Global Times | August 05, 2011 08:27
By Andrea Scarlatelli
Here we go again. While officials spent more than three years renovating Shanghai's historic Bund to get it ready in time for the Expo, it looks as though construction will start once again. Plans have recently been announced to "re-renovate a portion of the Bund with five tall and narrow gold buildings, including two 31-story skyscrapers. The buildings will be an estimated three times taller than its historic neighbors," according to a story on shanghaiist.com. While these new high-rises, which will reportedly house (surprise, surprise) more hotels and office buildings, will create more jobs, I believe that these mammoth buildings will ultimately hurt tourism and the many local businesses that already exist on the Bund.
There is no doubt that the Bund is a huge tourist draw. With its old, European-style buildings and sprawling wooden walkway along the river, it is one of the last remaining places in Shanghai that can be called truly unique. This sense of quaintness and charm is what draws people - Shanghai residents and visitors alike - to it.
The Bund provides a sense of history in a city rapidly losing any sense of its own. But the height of these new proposed buildings means that many of Shanghai's favorite restaurants, bars and clubs will now have their view of the water completely blocked - which could mean their business will suffer. Additionally, the rather brazen and, if I may say so, gaudy gold color chosen for the project clashes jarringly with the understated gray and brown brick of the old buildings. It will certainly be a juxtaposition of "old" and "new," that's for sure.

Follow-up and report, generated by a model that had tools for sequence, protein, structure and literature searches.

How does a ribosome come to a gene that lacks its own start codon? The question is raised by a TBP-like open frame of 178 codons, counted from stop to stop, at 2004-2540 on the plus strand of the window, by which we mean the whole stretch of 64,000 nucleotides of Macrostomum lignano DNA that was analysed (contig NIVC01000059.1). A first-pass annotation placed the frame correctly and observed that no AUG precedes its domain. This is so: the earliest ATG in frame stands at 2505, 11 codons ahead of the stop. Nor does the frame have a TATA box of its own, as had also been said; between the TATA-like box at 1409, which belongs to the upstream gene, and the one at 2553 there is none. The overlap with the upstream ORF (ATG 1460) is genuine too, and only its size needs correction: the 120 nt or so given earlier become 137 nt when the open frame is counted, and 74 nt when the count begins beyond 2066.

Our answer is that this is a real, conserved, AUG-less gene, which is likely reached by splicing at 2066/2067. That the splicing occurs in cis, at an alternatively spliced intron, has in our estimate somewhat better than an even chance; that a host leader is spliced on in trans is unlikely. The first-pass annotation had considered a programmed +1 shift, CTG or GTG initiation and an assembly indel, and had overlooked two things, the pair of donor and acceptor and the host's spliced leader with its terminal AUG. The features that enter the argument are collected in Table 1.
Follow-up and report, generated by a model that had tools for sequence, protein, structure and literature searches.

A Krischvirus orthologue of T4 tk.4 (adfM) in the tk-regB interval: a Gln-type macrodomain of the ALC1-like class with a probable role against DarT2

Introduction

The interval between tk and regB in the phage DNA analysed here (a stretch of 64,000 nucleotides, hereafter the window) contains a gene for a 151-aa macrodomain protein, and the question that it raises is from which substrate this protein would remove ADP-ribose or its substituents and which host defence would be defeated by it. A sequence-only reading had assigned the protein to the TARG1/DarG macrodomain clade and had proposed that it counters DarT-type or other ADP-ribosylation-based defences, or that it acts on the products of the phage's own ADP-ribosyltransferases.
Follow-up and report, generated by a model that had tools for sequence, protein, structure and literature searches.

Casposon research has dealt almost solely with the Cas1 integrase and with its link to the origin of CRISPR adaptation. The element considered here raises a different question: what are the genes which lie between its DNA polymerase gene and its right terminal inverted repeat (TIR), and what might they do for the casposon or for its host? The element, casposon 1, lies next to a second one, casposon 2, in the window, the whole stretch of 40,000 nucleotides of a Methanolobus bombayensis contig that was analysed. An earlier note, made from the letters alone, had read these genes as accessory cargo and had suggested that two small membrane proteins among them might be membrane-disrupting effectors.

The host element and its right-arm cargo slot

The plan to "re-renovate" the Bund is also, I believe, a gigantic waste of time and money. While China is not exactly known for its efficiency in the work department, it still amazes me that just one year after renovation ended to improve the Bund in time for the Expo, plans have been approved to rip it up once again to build something different. According to local media, the government spent over 5 billion yuan ($776 million) renovating the Bund the first time. Cost estimates have yet to be announced for this "re-renovation," but I expect it to be just as astronomically high.
I can only wonder how long it will be after these new skyscrapers are finished before someone changes their mind and decides to destroy another part of the newly renovated Bund to build something else. With an estimated completion time of 2014, it looks as though Shanghai residents will simply have to put up with years of more construction work, dirty air, and blocked-off roads near the Bund before this new "masterpiece" can be revealed.
Note: For pictures viewing of the nightlife at Shanghai Bund, China, please click here
(Extracted from Global Times dated 5th August 2011)